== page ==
The voices of Urban Institute's researchers and staff
March 10, 2016

What drives state and local government spending where you live?

March 10, 2016

State and local governments provide many of the public services that directly affect people’s day-to-day lives. They run elementary and secondary schools, colleges and universities, administer health and social programs like Medicaid, and manage our nation’s highway system.  

When analyzing policy, we often compare states by what they spend on public services. In 2012, the average state spent $8,443 per person on direct state and local general expenditures, and spending ranged from $6,213 per capita in Idaho to $17,359 in Alaska. But what drives this variation? And what would each state have to spend to meet a specific level of its residents' needs?  

In a new report my coauthors and I measured how a state’s actual spending compares with what it would spend (expenditure need) if it followed national averages in terms of the level of services provided—given its demographics, economies, and geography.

To measure need for each expenditure category, we determine the demographic or economic features of a state that contribute to spending cost (workload factors). For example, a state’s school-aged population affects its K-12 expenditure needs. After adjusting for labor costs and input prices in each state, we calculated what spending would be if each state spent exactly the same amount per workload factor, such as per kid or mile of highway in a state. States with high total spending need were generally lower income and had more kids—with more kids and elderly living in poverty—compared with the national average.

In many states, actual expenditures were roughly in line with need. However, in some, spending greatly diverged from need. For example, even though we calculated the same per capita need in both Massachusetts and Kansas (about $8,250 per capita), Massachusetts’s actual per capita expenditures ($10,024) were about $2,050 more than Kansas’s per state resident ($7,970).

Total expenditures

There were notable differences on specific spending categories, too. Take public welfare, a spending category that includes cash assistance to individuals, payments for health insurance, Medicaid, and to private medical providers, and administration costs for these programs. We based public welfare need on the proportion of a state’s total population and the proportion of its elderly population that was low income (with more weight on the former). We found many states with low need and high actual expenditures (Alaska, DC, Minnesota, and Vermont all spend twice as much as their calculated expenditure need) and vice versa (Alabama, Arizona, Florida, Georgia, Louisiana, Mississippi, Nevada, South Carolina, and Texas all spent 25 percent less than their calculated need). This may be a good example of policy decisions at the root of actual spending divergence. Most of the states with low actual expenditures (but high expenditure need) have less generous Medicaid eligibility rules, indicating  a chosen policy to provide services to fewer of their citizens.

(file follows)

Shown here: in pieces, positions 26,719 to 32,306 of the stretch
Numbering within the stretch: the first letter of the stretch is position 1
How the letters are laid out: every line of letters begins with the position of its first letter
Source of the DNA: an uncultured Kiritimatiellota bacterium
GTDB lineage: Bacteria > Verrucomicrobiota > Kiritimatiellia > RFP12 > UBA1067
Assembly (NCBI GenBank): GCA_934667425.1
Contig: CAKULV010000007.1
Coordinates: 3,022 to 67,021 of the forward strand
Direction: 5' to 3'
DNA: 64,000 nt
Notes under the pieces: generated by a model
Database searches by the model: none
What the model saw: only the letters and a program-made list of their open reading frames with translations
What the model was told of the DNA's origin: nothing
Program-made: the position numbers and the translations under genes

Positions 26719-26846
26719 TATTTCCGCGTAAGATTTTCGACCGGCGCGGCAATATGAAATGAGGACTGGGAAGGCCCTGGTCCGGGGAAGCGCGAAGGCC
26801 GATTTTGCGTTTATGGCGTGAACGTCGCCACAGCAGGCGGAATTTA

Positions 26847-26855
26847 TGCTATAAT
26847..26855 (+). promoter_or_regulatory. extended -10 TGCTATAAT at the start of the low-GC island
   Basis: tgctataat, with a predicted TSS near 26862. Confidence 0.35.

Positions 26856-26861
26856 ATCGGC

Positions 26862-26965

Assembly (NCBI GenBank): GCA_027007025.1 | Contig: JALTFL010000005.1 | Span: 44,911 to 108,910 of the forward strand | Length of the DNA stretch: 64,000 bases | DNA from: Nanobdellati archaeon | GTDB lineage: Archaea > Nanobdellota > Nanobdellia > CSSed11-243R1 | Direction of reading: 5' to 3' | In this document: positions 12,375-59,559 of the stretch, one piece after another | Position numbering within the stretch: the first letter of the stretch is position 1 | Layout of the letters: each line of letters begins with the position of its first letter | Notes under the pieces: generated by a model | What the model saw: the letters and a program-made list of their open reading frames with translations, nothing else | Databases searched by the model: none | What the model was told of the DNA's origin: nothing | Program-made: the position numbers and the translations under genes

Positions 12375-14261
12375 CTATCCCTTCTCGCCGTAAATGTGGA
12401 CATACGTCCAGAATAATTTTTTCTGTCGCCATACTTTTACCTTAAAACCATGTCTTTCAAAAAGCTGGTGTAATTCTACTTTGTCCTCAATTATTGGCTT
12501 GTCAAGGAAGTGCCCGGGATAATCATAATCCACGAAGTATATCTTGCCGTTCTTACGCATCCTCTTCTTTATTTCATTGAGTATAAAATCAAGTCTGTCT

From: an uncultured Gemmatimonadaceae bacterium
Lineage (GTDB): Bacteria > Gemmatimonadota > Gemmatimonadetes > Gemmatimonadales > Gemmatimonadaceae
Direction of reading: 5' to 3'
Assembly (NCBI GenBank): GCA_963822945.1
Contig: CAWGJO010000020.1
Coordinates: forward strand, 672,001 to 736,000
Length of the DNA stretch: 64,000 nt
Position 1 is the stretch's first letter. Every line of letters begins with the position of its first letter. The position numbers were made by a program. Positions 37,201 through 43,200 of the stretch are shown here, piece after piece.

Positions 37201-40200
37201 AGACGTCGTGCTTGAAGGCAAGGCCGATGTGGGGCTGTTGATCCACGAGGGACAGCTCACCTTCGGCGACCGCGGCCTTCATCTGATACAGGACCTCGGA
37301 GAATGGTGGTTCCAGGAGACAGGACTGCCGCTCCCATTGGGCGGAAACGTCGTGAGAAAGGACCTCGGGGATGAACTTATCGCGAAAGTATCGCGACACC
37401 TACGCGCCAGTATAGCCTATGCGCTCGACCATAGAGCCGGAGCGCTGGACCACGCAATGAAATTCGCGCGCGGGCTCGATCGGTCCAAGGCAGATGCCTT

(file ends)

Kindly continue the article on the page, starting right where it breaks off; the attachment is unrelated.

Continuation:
Public expenditures

That said, our calculation of a state’s expenditure need is not indicative of an optimal level. Rather, it’s a benchmark, based on national averages, against which policymakers, journalists, and voters can assess problems and opportunities facing state and local finance.

Furthermore, given balanced budget rules in place in all states but Vermont, states must balance spending and revenue and it can be politically difficult to raise revenues despite additional expenditure needs. In the report we also calculated what states could collect from taxes and fees if they used national average state tax rates, given demographic and economic conditions in the state (revenue capacity). For more on that see the post on TaxVox by my coauthor Richard Auxier.

Ultimately, we found that states with the highest expenditure need often have the lowest revenue capacity. We label the difference between expenditure need and revenue capacity as the state fiscal gap at capacity. In 2012, 26 states had fiscal gaps at capacity even after we added federal grants to the state’s revenue capacity. States with particularly large fiscal gaps included Alabama, Arizona, Arkansas, Georgia, Idaho, Kentucky, Mississippi, Nevada, and South Carolina.

The federal government should take these disparities into account when making policy decisions such as allocating federal grants. By understanding gaps in need and funding, the federal grant programs could more efficiently direct money to where it is needed the most. Also, state and local governments should look closely at how their spending lines up with their residents’ needs. And finally, citizens should look under the hood of their governments to see how their state is allocating its resources and meeting its needs.

For details on sources and methodology please see the full report.

 

New Jersey Governor Chris Christie, center at podium, delivers his budget at the Statehouse, Tuesday, Feb. 16, 2016, in Trenton, N.J. Tuesday's budget address comes nearly a week after Christie ended his bid for the Republican presidential nomination. Photo by Mel Evans/AP

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